Jocelyn: You know it’s funny because kids these days, or students, they’ve been they were born into this dot com age, right? And so actually they’re doing a better job at identifying the scams than parents. And so a lot of times it’s hard for me but I have to have that conversation with mom and dad saying no, stop sending those, your student is right. Because they come back and they say, well, someone has to win them, why not spend the 15 minutes? But you spend 15 minutes on a hundred of them and you just spent a lot of time that could have instead put towards perfecting an essay that could be reused on legitimate ones. And so you guys are not the only ones. Those are the ones, you use the perfect term, lottery, or what I call it, sweepstake scholarships, they’re sweepstakes scholarships, and that’s what I primarily applied to my junior year because they were quick and easy. You know I could sit there in front of the TV and just knock them out. And for those parents that are wondering what are these look like, these are the ones that can take five to ten, fifteen minutes to submit. Maybe they have one short, like one sentence essay or a 250-word essay. They don’t ask any kind of criteria. And basically that’s- it’s what you said where you just put your name in a hat and they randomly draw a winner. And those are not the scholarships we want to go for because those are based on luck. The ones that we teach students to go for are the ones that are actually based on credentials and skills and and accomplishments, because those are the ones that are within our control, right? So if it’s based on luck we are just literally relying on luck. But if it’s based on skill and essays, essay quality and things like that we can actually improve our chances by improving our materials, right? So that said you know I got sucked into those and my inbox that I used to sign up for those now has over 20,000 unread messages. I had to just completely start a new one because what they were doing, the reason I call them scams, and that might be a harsh word but it’s borderline a scam, what they’re doing is they’re collecting the emails from those drawings and selling them to affiliate marketing, affiliate marketers and so that’s why you get flooded with all of these e-mails, and some students don’t know better. It’s great that your son did know but a lot of students don’t and so they just get bombarded with all these e-mails. And so we don’t want to waste time on those. So I guess when we’re talking about where to get started, your initial question, first let’s- if it’s OK I’d love to just define what a good scholarship would be. Is that OK?
Amy: Yes, please!
Jocelyn: So obviously we talked about what is not a good scholarship and that’s these sweepstake ones, they take five to ten minutes, they’re not really based on credentials. They’re not something I can compete for based on my own qualities. Legitimate scholarship would be on the other end of the spectrum where they’re asking for things that can be used to identify whether or not your student is going to be a good fit for college and beyond. So, the way that I tell my students, the way that I describe this to our families is you want to think about, scholarships want to invest in a student. They want a student that will be a positive return on investment. That means this student’s going to take the money, go to college, and do something with it. And you know that doesn’t mean that they need a perfect GPA. A lot of times we can justify a less than perfect GPA with a good essay. But we need to show, hey, we, you know, we’re actually going to do something with our- with this money, with our college degree, and with our lives. And so the way to show that is through, you know whether they have essay requirements, they might ask for transcripts, they might ask for recommendation letters. So these will take a lot more time, but you can do way less of them than these random drawings. So, and there’s some that are in the middle of the spectrum, maybe there- it’s only one or two quick essays and transcripts, but that’s still a lot more than just throw your name in the hat. And so that’s what we want to look for, those legitimate scholarships. So I think the first thing is for families to just understand what are we looking for. And that’s really what started changing my path on this.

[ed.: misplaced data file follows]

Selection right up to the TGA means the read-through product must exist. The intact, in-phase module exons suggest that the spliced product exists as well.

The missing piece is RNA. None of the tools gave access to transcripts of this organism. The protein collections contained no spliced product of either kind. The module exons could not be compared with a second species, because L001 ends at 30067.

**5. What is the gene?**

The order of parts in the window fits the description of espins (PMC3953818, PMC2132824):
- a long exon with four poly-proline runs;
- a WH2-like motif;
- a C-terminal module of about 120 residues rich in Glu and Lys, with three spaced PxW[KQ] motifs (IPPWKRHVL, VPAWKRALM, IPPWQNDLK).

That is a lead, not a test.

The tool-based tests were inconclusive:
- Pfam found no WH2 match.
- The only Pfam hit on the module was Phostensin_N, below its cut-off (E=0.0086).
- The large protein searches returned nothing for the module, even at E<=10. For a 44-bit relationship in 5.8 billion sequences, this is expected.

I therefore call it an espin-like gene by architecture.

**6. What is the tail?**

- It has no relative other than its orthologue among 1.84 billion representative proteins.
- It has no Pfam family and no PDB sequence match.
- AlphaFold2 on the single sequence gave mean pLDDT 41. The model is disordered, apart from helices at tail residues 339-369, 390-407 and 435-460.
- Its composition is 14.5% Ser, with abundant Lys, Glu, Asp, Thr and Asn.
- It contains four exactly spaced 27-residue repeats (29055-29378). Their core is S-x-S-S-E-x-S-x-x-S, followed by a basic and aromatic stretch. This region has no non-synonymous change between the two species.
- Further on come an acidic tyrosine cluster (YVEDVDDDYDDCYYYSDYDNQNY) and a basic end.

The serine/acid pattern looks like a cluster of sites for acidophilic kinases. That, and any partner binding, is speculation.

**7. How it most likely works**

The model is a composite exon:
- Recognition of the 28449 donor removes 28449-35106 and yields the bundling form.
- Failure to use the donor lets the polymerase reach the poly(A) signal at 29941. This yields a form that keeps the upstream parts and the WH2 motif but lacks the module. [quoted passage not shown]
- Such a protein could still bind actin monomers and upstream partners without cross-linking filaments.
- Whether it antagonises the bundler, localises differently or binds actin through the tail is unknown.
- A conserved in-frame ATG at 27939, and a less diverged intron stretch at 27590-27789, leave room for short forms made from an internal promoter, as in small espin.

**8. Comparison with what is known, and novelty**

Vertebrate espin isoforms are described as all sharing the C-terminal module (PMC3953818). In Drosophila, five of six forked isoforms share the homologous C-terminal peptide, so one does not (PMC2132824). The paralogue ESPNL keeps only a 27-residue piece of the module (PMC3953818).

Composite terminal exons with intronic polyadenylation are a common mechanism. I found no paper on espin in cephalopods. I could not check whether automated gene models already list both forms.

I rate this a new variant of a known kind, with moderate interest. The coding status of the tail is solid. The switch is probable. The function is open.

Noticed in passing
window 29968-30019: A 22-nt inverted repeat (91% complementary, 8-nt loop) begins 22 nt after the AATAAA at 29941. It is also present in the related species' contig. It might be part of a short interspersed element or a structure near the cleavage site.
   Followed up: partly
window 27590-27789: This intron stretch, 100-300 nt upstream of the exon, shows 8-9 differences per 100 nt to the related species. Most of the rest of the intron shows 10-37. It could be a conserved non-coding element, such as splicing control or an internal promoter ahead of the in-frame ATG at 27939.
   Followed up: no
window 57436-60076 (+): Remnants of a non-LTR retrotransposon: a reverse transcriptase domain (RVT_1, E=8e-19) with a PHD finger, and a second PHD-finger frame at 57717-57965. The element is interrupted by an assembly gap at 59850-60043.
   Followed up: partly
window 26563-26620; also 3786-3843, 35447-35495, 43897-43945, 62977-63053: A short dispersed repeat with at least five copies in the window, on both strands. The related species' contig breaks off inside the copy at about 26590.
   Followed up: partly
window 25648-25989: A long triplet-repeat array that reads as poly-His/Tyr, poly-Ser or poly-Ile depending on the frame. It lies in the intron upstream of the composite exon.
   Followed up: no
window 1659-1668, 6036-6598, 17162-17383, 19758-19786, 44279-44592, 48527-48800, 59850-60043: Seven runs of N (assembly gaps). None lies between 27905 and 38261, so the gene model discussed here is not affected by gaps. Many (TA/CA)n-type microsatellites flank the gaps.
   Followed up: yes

Rebecca: So how do you, you know, I think sometimes people also have in their mind that your kid can only get a scholarship like you said if they have a perfect GPA or crazy S.A.T. scores or they’re an amazing athlete, you know let’s say you have your run of the mill kid, like good solid kid, and they’re not a star athlete, but maybe they’re on the school paper, or are they, you know, do a lot of community service, or you know, or they play an instrument, where- how do you even begin to find scholarships that are tailored to your kid?